BY JESSICA MONZO, Staff Writer
Everyone knows the generic saying that the elderly have about “youngsters”. “Back in my day…” “When I was your age…” “You kids and your fancy technology…”. How much of a difference is there between today’s millennials and the generations that came before us? Social interactions are probably the biggest difference.
Today’s millennials interact with each other differently because of the recent advancements in technology. Technology continues to make it easier every day to interact with each other within seconds. Between 4G phone networks, social media, and texting, we now communicate faster now than ever, but we also have less face-to-face interactions. Less face-to-face interactions could also lead to more social anxiety and social awkwardness due to the convenience of having more time to reply to messages, and thinking about the benefits of consequences of what to say.
Justine Harman from Elle.com wrote an article called “How Social Media is Ruining My Social Skills”. In her article, she is quoted as saying “For all of its many merits, social media is making even the most well-adjusted of us just a tad bit creepier. I can’t keep track of how many times I’ve asked a question I already knew the answer to.” In a web video interview by Alena Hall, from Huffington post, Harman says social media is “the death of an actual civilized conversations” and that “we can feel it inside, that something’s wrong.”
When did this reliance on a textualized social interaction begin being a problem? It’s difficult to tell since the social anxiety and awkwardness has never been an obvious problem. It seems that we, as social beings, adapted our way of socializing in a negative way without being fully conscious of it. Now, when we break a phone or are not able to pay our phone bills, we freak out because we are addicted to these tiny handheld screens, and the social security they give us. They are now habit and a way of life, whereas 10 years ago, we only had very basic phones, primarily used for phone calls, and not everyone felt the need to have one.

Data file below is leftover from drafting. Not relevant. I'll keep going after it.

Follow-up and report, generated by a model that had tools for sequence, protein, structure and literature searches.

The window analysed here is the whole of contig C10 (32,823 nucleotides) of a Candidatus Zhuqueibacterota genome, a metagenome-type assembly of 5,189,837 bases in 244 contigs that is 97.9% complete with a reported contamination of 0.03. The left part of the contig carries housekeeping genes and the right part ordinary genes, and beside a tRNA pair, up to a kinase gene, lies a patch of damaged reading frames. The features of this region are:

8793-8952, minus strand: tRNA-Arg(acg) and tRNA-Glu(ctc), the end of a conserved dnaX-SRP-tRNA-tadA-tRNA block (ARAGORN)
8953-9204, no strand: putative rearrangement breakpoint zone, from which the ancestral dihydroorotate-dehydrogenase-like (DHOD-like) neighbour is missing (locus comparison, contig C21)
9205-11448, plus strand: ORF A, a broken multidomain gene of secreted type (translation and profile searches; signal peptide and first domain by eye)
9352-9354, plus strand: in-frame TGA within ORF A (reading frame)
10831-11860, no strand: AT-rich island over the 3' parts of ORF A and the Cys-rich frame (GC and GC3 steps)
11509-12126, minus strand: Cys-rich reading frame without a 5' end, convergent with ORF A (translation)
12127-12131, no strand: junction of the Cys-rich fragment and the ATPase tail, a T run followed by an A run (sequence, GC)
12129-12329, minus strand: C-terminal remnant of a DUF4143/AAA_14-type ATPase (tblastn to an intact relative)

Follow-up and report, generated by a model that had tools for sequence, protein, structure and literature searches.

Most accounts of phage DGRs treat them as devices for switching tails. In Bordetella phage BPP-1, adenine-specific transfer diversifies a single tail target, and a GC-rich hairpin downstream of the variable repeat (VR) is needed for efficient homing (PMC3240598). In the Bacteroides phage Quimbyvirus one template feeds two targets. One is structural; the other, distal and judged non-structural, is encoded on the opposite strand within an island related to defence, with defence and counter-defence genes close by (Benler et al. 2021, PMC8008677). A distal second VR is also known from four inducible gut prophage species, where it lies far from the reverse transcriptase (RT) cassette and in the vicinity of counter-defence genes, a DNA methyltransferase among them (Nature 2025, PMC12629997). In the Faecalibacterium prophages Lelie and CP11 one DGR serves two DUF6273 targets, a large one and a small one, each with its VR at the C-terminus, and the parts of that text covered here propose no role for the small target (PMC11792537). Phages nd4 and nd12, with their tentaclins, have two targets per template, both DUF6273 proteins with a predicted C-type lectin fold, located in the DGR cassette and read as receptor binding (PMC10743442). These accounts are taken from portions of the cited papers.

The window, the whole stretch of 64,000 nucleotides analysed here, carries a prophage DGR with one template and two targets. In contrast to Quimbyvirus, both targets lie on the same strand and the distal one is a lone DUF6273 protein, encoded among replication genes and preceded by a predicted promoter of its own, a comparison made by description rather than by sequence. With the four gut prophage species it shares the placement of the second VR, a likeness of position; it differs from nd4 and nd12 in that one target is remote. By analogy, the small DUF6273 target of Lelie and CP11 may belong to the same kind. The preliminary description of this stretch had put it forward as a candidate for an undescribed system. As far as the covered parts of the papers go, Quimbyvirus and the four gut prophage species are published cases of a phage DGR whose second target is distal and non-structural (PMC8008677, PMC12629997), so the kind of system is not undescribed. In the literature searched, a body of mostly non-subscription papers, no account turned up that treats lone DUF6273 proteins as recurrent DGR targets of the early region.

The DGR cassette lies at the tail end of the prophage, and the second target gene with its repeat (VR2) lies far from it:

Now, when someone doesn’t use a cell phone, or social media, they are viewed as “odd” or “different”, just because they are not addicted to distanced, computerized social interactions. Another issue is that it’s very difficult to tell if these technological interactions are genuine or not. Also, it is easy to take a textual conversation out of context. For example, if a person simply replies “Ok” in text, the other party may feel as though this reply was short or contrite, whereas the person who sent said text may just be busy, or not know what else to reply.
So what can we do about this socially awkward situation? Well, some have come up with a game where if you go to a restaurant with friends or family, everyone puts their phones upside down in a stack, and whoever reaches for their phone first, has to pick up the check. Maybe we should start limiting our time on our phones by not having them in reach as easily as we do now. Ladies, leave your phones in your purses more often. Gentleman, put your phones in your pockets and trying not to look at them every 10 minutes. Maybe if we try to get back to the physical world now, we can prevent so much social awkwardness in future generations.